A group of about 10 students has formed a coalition to unionize contingent faculty—adjunct and non–tenure track professors, who do not receive the same benefits as their tenured peers.

The goal of the group, Students Supporting Adjuncts, is to talk to all contingent faculty members, listen to their concerns, and help solve their problems. Additionally, these students seek to bring respect to contingent faculty, whose needs they feel are not being taken seriously by the University.

“After having a number of conversations with contingent professors and doing research about the national movements of adjuncts organizing, we slowly came to the conclusion that a union was the best way to go about things,” senior Miles Meth, who is heavily involved with the movement at UR, said.

Sophomore Rachel Casper, also involved with Students Supporting Adjuncts, believes their group is giving contingent faculty a voice they never had.

“Through this outreach, we began collecting union cards and discussing what these professors feel they need—a voice at UR, along with much else,” she said.

While Students Supporting Adjuncts has been working on this issue since last fall, contingent faculty hadn’t gathered momentum for their movement until this semester.

“Their excitement and motivation is amazing,” Casper added. “Our professors do so much for us as students and for the UR community. It’s time they’re treated with the dignity they deserve.”

Professors not on the tenure track are not denied it upon being hired, but are hired with no possibility of being offered it at all. According to Meth, the national proportion of tenured faculty to adjuncts is three to seven—the opposite of what it was 50 years ago, due to the increasing corporatization of higher education. While that proportion is not as high at UR, Students Supporting Adjuncts believes that the University can do better.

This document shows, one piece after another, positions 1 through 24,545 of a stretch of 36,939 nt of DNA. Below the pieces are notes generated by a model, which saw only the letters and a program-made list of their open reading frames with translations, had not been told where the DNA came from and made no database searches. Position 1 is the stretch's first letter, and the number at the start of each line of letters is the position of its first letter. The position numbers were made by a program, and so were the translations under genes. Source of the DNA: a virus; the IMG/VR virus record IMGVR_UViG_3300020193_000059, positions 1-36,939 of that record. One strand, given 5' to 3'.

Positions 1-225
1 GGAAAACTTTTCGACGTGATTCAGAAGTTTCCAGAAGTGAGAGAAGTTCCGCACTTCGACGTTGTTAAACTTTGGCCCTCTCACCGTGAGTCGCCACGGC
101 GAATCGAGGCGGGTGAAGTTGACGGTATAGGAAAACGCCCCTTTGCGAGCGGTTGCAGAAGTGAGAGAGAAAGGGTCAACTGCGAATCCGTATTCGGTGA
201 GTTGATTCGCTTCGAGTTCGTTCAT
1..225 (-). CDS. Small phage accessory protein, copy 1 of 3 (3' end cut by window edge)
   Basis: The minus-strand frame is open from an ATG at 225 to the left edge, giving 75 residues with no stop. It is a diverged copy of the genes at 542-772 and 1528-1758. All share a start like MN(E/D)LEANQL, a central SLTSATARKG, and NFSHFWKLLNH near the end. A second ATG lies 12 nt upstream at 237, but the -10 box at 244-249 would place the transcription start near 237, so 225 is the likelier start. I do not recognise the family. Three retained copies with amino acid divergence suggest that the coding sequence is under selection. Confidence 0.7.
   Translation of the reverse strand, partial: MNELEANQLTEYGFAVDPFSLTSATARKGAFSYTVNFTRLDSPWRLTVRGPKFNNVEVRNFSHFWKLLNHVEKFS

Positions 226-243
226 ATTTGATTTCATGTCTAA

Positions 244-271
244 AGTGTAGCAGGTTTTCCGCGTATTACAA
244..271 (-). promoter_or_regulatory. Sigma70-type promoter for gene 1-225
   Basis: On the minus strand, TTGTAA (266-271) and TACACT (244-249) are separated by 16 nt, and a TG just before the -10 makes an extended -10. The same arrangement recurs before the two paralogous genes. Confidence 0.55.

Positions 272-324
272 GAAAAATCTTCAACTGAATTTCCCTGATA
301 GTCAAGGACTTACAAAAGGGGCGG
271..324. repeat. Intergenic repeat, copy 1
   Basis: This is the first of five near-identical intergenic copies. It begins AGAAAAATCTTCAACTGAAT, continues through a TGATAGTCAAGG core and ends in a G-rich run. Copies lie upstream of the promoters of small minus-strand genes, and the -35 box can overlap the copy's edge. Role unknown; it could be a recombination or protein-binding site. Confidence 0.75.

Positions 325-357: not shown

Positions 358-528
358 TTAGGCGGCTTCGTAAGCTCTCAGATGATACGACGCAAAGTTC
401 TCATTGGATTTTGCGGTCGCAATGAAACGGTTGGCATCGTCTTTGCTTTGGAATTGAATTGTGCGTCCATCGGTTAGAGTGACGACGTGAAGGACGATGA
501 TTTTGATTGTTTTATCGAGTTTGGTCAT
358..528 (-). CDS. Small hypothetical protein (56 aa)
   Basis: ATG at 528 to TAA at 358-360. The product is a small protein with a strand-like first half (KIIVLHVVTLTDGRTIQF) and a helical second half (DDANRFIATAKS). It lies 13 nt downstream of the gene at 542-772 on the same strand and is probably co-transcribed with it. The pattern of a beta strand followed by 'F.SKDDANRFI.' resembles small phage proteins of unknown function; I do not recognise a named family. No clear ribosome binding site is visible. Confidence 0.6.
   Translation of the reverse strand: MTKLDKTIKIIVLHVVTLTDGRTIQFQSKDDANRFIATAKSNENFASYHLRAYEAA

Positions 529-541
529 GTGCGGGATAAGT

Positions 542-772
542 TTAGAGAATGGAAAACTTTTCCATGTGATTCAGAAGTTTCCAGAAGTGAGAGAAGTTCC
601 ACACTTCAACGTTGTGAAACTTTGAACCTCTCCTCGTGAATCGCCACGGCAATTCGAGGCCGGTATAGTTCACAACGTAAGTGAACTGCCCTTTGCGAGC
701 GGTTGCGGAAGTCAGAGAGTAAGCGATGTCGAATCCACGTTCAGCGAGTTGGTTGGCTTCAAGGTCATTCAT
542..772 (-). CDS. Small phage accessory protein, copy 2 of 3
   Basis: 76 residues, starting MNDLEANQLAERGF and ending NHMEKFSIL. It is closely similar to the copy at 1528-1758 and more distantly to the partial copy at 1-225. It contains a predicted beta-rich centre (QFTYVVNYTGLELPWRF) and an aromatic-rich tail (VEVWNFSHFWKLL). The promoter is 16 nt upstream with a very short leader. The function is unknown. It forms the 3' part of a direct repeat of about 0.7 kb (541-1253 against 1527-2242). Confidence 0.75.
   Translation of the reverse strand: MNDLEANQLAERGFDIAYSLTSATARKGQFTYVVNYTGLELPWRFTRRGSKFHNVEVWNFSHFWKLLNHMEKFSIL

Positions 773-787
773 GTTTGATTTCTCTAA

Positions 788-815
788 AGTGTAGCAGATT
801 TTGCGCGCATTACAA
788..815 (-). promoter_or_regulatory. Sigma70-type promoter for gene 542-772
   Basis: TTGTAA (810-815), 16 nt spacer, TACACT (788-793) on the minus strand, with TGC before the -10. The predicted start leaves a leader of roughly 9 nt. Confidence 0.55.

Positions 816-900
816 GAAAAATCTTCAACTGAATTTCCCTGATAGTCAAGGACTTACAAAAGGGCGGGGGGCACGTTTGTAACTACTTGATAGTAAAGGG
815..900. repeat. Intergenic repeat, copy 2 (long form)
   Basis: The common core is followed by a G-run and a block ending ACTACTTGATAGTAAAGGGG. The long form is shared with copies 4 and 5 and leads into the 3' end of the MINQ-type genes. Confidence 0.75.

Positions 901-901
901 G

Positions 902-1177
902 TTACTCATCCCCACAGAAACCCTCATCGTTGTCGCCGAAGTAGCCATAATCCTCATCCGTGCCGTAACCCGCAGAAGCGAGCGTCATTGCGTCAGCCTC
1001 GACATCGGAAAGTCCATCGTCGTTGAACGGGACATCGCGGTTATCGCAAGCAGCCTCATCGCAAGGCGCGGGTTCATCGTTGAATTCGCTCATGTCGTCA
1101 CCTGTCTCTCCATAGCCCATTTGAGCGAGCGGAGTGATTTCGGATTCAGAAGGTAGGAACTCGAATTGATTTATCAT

“The shift is a response to try to lower short term costs with under-paid, over-worked laborers who don’t have the power to bargain for better conditions,” Meth explained. “The union is a way to change that reality.”

Director of the University of Rochester Percussion Ensemble Matthew Witten is all too familiar with such conditions and thinks the student movement “is amazing, supportive, and heroic.”

Witten has taught as an adjunct at seven different institutions, including four at which he currently teaches.

“You could say I am quite familiar with what adjunct status means,” he said in an email. He no longer teaches at several of these schools because of a “lack of work.”

“I spend eight hours a week in the car commuting to various schools, I spend money on tolls, and, at least once a week, I am filling my tank,” he said. “I barely have time to complete my work, like preparing for classes and grading, and I am barely able to scrape by with my bills.  Luckily, I make little enough to qualify for Medicaid—thank you Obamacare!”

Nevertheless, professors on the tenure track have conveyed their support for their colleagues in the form of a signed letter that will be circulating in the near future.

Also circulating is a petition formally requesting President Seligman to support contingent faculty at UR. The petition has received approximately 800 signatures, digitally and in print. According to Casper, University administration has been asked by the student group to remain neutral in the contingent faculty’s decision to form a union so that they do not feel intimidated, regardless of how they decide.

The group plans to give the petition to University President Joel Seligman later this week.

Adjunct Digital Media Studies professor Robert Kostin also hopes that University administration remain neutral.

I know the stories about people being fearful of  ‘the man,’ but here at the University of Rochester, I’m hopeful that administration will be neutral while the contingent faculty makes up its mind about unionization,” he said. “I believe my tenured and tenure-track colleagues and the senior leadership in our University are genuinely good people who have the same values I do about higher education, and that they see the value of a contingent faculty team that’s given the chance to dedicate themselves to our students.”

Seligman’s acknowledged the movement by saying, “I am aware of the Change.org petition. If there is enough support to hold a union election, I support each relevant faculty member’s right to make this important decision.”

President Seligman said that as of now it is hard to determine whether an election will actually take place, but that the Provost’s Office is working to help faculty acquire information they might find valuable.

Tagged: SSA

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